It might have been easy to write off American actor Warren Beatty as merely the younger brother of film star Shirley MacLaine, were it not for the fact that Beatty was a profoundly gifted performer whose creative range extended beyond mere acting. After studying at Northwestern University and with acting coach Stella Adler, Beatty was being groomed for stardom almost before he was of voting age, cast in prominent supporting roles in TV dramas and attaining the recurring part of the insufferable Milton Armitage on the TV sitcom Dobie Gillis. Beatty left Dobie after a handful of episodes, writing off his part as "ridiculous," and headed for the stage, where he appeared in a stock production of Compulsion and in William Inge's Broadway play A Loss of Roses.
The actor's auspicious film debut occurred in Splendor in the Grass (1961), after which he spent a number of years being written off by the more narrow-minded movie critics as a would-be Brando. Both Beatty and his fans knew that there was more to his skill than that, and in 1965 Beatty sank a lot of his energy and money into a quirky, impressionistic crime drama, Mickey One (1965). The film was a critical success but failed to secure top bookings, though its teaming of Beatty with director Arthur Penn proved crucial to the shape of movie-making in the 1960s. With Penn again in the director's chair, Beatty took on his first film as producer/star, Bonnie and Clyde (1967). Once more, critics were hostile -- at first. A liberal amount of praise from fellow filmmakers and the word-of-mouth buzz from film fans turned Bonnie and Clyde into the most significant film of 1967 -- and compelled many critics to reverse their initial opinions and issue apologies. This isn't the place to analyze the value and influence Bonnie and Clyde had; suffice it to say that this one film propelled Warren Beatty from a handsome, talented film star into a powerful filmmaker.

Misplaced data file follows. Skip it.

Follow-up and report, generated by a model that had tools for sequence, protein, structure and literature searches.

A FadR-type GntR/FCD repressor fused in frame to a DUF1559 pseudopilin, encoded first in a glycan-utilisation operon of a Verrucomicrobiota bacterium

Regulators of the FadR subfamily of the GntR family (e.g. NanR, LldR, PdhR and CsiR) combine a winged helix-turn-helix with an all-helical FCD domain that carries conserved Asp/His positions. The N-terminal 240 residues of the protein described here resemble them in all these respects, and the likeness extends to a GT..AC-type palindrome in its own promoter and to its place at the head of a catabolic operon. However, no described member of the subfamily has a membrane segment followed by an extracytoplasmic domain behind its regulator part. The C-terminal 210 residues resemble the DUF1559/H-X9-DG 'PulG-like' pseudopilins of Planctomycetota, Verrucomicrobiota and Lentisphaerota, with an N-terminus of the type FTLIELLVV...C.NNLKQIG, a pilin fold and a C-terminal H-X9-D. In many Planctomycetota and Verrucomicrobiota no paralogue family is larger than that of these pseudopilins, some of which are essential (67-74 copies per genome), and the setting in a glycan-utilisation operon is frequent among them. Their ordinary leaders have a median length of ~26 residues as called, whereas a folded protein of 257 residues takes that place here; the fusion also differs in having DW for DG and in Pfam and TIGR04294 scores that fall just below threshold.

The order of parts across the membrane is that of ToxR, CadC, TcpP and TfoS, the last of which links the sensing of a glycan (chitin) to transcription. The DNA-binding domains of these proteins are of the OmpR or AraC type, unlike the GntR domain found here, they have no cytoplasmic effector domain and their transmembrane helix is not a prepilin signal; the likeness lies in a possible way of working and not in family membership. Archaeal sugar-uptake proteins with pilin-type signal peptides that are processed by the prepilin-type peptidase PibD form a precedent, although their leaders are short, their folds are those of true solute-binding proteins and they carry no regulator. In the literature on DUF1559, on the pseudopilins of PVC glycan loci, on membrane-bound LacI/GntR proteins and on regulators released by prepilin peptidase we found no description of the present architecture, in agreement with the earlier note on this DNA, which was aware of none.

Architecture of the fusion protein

Picking and choosing his next projects very carefully, Beatty was offscreen as much as on from 1970 through 1975, though several of his projects -- most prominently McCabe and Mrs. Miller (1971) and The Parallax View (1974) -- would be greeted with effusive praise by film critics and historians. In 1975, Beatty wrote his first screenplay, and the result was Shampoo (1975), a trenchant satire on the misguided mores of the late '60s. Beatty turned director for 1978's Heaven Can Wait, a delightful remake of Here Comes Mr. Jordan that was successful enough to encourage future Hollywood bankrolling of Beatty's directorial efforts. In 1981, Beatty produced, directed, co-scripted and acted in Reds, a spectacular recounting of the Russian Revolution as seen through the eyes of American Communist John Reed. It was a pet project of Beatty's, one he'd been trying to finance since the 1970s (at that time, he'd intended to have Sergei Bondarchuk of War and Peace fame as director). Reds failed to win a Best Picture Academy Award, though Beatty did pick up an Oscar as Best Director. Nothing Beatty has done since Reds has been without interest; refusing to turn out mere vehicles, he has taken on a benighted attempt to re-spark the spirit of the old Hope-Crosby road movies (Ishtar ); brought a popular comic strip to the screen, complete with primary colors and artistic hyperbole (Dick Tracy ); and managed to make the ruthless gangster Bugsy Siegel a sympathetic visionary (Bugsy ). In 1998 he was able to breath new life into political satire with Bulworth, his much acclaimed film in which he plays a disillusioned politician who turns to rap to express himself. In 2001, Beatty rekindled memories of Ishtar as he starred in another phenomenal bust, Town & Country. Budgeted at an astronomical 90 million dollars and earning a miserable 6.7 million dollars during it's brief theatrical run, Town & Country was released three years after completion and pulled from theaters after a mere four weeks, moving critics to rank it amo